Just to drive this home / combine this with the SP shortage point: even if SPs are in dramatic shortage and command super premium pricing with huge books of business, that doesn't mean ANGI has no place in the world. Lost / deadtime is still a huge risk for SPs (perhaps even more so if there's a huge shortage and the SPs are charging huge amounts!), and if ANGI pulls off their platform successfully, it will be the most effective and easiest place for SPs to fill in their books of business / acquire new customers / replace cancelled jobs.
Just one more thing ANGI could do: if you hire a contractor, one of your worst fears is they do shoddy work or take whatever you give them for materials and just never show up for the job. ANGI could use their database / knowledge to avoid that problem. They could guarantee a contractor's work, and they could hold payments in escrow until the job is completed. Both would solve a major consumer pain / worry point and make customers want to transact over ANGI instead of going around ANGI and directly with a SP (even if the SP were willing to offer a discount for going direct!).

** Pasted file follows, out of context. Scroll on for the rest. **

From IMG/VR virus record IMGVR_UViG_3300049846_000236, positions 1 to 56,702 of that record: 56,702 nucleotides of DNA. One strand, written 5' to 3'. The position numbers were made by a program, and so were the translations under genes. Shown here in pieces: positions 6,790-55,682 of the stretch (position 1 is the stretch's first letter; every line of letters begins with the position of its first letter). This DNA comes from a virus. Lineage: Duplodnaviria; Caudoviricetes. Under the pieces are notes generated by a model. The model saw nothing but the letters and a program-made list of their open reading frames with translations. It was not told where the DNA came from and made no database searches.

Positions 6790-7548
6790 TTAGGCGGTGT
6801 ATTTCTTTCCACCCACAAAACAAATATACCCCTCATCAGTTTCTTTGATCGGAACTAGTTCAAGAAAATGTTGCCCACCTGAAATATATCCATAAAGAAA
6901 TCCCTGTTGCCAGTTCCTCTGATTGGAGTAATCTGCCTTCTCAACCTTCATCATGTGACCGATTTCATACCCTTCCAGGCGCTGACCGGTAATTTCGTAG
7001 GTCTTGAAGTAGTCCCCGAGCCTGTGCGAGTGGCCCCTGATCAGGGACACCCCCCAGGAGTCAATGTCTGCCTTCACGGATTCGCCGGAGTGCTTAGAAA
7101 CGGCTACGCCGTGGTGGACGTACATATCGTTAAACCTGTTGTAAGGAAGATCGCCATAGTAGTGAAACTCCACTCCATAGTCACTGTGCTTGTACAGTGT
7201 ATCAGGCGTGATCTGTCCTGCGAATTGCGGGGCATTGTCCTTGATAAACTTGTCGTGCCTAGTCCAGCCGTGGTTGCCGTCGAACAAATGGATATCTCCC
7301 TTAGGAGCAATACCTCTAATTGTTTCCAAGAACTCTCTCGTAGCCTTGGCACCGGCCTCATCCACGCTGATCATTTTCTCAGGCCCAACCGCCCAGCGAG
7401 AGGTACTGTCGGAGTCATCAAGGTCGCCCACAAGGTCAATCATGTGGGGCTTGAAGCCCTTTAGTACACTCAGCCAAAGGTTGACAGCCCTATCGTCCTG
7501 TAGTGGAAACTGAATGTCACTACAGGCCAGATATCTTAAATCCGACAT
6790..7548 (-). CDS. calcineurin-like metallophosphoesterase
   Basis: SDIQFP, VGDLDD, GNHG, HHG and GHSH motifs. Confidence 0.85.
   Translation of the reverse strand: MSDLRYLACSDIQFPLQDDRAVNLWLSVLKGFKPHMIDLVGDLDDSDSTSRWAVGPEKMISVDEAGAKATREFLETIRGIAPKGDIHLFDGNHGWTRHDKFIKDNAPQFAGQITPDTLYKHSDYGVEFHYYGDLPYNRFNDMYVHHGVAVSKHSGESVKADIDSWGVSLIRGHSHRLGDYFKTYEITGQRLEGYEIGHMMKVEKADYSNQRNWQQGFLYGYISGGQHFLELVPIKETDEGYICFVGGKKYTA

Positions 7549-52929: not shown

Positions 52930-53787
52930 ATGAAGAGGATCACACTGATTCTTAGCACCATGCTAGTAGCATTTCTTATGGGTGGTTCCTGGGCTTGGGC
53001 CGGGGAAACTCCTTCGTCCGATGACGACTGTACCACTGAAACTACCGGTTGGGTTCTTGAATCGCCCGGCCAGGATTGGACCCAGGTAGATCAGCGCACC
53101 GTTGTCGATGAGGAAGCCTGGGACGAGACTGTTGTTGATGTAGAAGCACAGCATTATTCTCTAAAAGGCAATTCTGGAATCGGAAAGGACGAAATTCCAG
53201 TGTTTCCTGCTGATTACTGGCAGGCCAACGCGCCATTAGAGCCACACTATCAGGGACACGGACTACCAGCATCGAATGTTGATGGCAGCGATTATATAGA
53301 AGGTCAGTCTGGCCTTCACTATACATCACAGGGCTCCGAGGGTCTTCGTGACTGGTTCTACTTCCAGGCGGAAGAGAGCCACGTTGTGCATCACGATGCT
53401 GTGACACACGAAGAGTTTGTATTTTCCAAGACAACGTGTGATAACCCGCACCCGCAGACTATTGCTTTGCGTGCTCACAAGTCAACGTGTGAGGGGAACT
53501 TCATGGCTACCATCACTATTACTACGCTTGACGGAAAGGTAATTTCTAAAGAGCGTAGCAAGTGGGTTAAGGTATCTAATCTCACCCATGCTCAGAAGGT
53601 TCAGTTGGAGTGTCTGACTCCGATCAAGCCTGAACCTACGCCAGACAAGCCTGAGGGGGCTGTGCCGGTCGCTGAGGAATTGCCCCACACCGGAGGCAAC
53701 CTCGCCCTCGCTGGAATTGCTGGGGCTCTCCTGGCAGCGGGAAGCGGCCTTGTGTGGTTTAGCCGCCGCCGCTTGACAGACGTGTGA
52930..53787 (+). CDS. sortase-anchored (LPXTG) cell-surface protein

The other big risk here is google risk: why doesn't google just do this themselves? That's a question that looms large over just about any online business, but I think ANGI is reasonably well insualted. If you think of ANGI as "yellow pages for plumbers / painters," then yeah, ANGI is exposed to Google. But if ANGI is actually matching customers to vetted providers, showing them availability, handling payment, etc.... then ANGI has built a moat that is extremely difficult to recreate / automate.